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MacBook Air and MacBook Pro sales are booming — Here is why

MacBook Air
(Image credit: Laptop Mag)

Apple's massive risk is already paying off. The new M1 chips, designed by Apple to replace Intel processors in its MacBook laptops, are a hit among critics and customers alike. 

The new MacBook Air and MacBook Pro with M1 garnered glowing reviews from journalists (we gave them a 4.5 and 5-star rating, respectively), and now we know the new chips are a financial success as well. According to market research from IDC, overall PC shipments are up 55% in Q1 of 2021 while Mac sales during the first quarter boomed by 111.5%. 

Digging into the numbers, IDC said Apple sold 6.6 million Macs from January to March, about double what it sold (3.3 million) in the same period last year. That increase brought Apple's share of the total PC market from 5.8% to 8%. 

“There is no question when entering 2021 the backlog for PCs was extensive across business, consumer, and education,” Ryan Reith of IDC said in a press release. “The ongoing shortages in the semiconductor space only further prolong the ability for vendors to refill inventory and fulfill orders to customers. We believe a fundamental shift has occurred around the PC, which will result in a more positive outlook for years to follow.”

Reith went on to say that the growth was happening in all three segments: business, education and consumer. He predicts component shortages will be the major theme throughout 2021 but that the growth of the market could continue for the next few years.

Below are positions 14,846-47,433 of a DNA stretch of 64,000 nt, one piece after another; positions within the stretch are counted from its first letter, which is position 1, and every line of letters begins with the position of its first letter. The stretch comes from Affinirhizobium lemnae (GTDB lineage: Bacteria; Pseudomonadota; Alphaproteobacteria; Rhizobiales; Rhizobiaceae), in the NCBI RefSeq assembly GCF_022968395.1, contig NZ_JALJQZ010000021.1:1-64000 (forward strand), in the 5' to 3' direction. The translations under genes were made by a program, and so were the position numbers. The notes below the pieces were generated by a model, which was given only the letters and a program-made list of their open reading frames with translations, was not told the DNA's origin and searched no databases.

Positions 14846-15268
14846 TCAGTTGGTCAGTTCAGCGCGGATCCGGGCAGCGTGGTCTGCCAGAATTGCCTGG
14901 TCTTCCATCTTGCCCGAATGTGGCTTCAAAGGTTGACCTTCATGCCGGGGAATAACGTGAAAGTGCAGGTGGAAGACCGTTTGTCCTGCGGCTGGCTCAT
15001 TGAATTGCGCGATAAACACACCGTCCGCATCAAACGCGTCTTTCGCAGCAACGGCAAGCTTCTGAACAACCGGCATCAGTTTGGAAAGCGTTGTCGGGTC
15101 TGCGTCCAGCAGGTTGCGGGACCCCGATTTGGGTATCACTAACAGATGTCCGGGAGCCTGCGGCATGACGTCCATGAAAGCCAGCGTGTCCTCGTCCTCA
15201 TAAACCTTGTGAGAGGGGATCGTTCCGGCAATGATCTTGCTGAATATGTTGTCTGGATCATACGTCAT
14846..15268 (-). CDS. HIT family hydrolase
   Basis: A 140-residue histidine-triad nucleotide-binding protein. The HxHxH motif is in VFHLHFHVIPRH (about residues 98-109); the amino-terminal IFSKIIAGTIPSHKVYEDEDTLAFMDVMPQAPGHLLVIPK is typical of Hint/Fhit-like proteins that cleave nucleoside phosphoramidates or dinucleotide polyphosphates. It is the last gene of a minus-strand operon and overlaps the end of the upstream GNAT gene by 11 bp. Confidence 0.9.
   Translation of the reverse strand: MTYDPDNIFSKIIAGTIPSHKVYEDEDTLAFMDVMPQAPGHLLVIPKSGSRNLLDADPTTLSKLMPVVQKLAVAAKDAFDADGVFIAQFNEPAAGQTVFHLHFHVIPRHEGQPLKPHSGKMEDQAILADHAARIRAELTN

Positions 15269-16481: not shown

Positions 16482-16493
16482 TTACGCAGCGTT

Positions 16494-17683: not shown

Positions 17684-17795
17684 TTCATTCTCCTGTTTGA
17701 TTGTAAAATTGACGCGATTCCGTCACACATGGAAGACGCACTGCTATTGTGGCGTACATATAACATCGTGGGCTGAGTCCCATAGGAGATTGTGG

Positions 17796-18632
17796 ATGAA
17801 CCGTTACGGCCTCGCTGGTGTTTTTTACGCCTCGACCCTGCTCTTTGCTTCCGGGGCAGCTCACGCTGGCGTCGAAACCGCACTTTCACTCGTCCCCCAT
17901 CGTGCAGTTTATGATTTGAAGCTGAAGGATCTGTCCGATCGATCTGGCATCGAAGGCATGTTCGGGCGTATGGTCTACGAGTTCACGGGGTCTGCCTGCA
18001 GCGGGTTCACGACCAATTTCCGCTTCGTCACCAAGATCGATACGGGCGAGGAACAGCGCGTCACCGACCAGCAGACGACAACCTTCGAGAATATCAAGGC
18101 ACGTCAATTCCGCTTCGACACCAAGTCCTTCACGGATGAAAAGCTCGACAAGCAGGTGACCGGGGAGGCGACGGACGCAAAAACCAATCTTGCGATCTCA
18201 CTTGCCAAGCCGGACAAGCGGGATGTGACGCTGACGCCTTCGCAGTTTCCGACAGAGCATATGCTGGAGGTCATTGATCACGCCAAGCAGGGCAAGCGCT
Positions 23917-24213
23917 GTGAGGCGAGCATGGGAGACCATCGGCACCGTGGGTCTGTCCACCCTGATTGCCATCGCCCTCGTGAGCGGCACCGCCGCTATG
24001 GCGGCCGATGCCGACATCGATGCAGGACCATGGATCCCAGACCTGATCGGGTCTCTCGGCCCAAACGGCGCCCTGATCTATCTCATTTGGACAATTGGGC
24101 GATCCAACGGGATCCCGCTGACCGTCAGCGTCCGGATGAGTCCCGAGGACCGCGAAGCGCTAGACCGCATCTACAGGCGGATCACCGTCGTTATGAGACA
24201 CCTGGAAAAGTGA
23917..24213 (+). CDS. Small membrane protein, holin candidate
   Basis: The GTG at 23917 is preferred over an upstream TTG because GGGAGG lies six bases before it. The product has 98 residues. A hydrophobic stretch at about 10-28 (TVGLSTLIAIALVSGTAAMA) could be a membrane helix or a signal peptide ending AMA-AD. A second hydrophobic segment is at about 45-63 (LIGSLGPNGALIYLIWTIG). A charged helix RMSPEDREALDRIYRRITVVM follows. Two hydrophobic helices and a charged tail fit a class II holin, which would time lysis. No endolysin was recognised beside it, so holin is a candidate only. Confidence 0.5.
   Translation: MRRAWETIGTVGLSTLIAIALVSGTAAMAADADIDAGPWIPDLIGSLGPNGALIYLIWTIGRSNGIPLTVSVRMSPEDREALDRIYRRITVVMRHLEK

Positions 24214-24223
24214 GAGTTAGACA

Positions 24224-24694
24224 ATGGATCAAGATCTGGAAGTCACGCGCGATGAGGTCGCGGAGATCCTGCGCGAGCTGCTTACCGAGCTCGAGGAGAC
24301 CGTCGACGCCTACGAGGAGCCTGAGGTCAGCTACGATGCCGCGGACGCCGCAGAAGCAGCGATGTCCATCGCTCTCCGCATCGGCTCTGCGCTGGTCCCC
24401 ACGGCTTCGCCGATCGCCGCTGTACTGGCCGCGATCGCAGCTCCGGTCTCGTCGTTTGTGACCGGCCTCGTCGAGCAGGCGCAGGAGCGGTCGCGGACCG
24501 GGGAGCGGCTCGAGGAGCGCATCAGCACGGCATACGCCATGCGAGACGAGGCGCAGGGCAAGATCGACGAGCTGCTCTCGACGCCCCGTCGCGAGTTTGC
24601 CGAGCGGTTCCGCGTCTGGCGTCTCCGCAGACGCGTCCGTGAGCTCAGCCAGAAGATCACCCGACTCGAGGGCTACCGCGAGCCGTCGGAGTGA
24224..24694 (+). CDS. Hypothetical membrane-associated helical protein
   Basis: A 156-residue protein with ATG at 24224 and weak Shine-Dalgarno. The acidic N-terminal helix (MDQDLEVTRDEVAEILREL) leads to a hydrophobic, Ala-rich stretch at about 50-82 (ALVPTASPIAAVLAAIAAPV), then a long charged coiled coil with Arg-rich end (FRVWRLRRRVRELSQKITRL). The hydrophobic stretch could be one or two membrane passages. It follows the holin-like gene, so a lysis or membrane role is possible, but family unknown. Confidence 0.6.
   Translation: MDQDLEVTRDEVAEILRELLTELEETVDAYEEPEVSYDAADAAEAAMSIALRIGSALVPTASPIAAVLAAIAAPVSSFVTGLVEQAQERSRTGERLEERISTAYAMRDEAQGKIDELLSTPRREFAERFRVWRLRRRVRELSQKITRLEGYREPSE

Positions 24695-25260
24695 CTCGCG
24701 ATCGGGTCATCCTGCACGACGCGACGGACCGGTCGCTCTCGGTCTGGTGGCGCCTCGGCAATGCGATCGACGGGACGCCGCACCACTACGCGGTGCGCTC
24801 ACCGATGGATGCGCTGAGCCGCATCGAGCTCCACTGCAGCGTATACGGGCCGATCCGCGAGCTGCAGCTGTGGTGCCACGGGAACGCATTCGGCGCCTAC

Apple wasn't the only company to benefit from the move to remote working caused by the coronavirus pandemic. Lenovo, HP and Acer all grew their market share, although Acer dropped below Apple this year with 7% of the pie. Dell, on the other hand, shipped more units (about 23.4% more) but experienced the slowest growth and, therefore, lost considerable market share (19.4% to 15.4%). 

The future looks bright for Mac

MacBook sales certainly got a boost from the ongoing pandemic and the introduction of the M1 chip, but this is only the start for Apple. The processor marks a new era for macOS computing, one where the MacBook is better integrated into the larger Apple ecosystem. And, so far, one where MacBooks outperform and outlast their PC counterparts.

Apple is now expected to launch a 16-inch MacBook Pro and 14-inch MacBook Pro with an even speedier processor that could have 12 performance cores and 16 graphics cores compared to the 8-core M1 CPU. If it does, Apple's highest-end laptops could topple just about any other laptops in day-to-day performance. 

Rumors suggest Apple will launch those models in the summer or early fall. When it does, we could see yet another shakeup of the industry, one that should worry other competitors.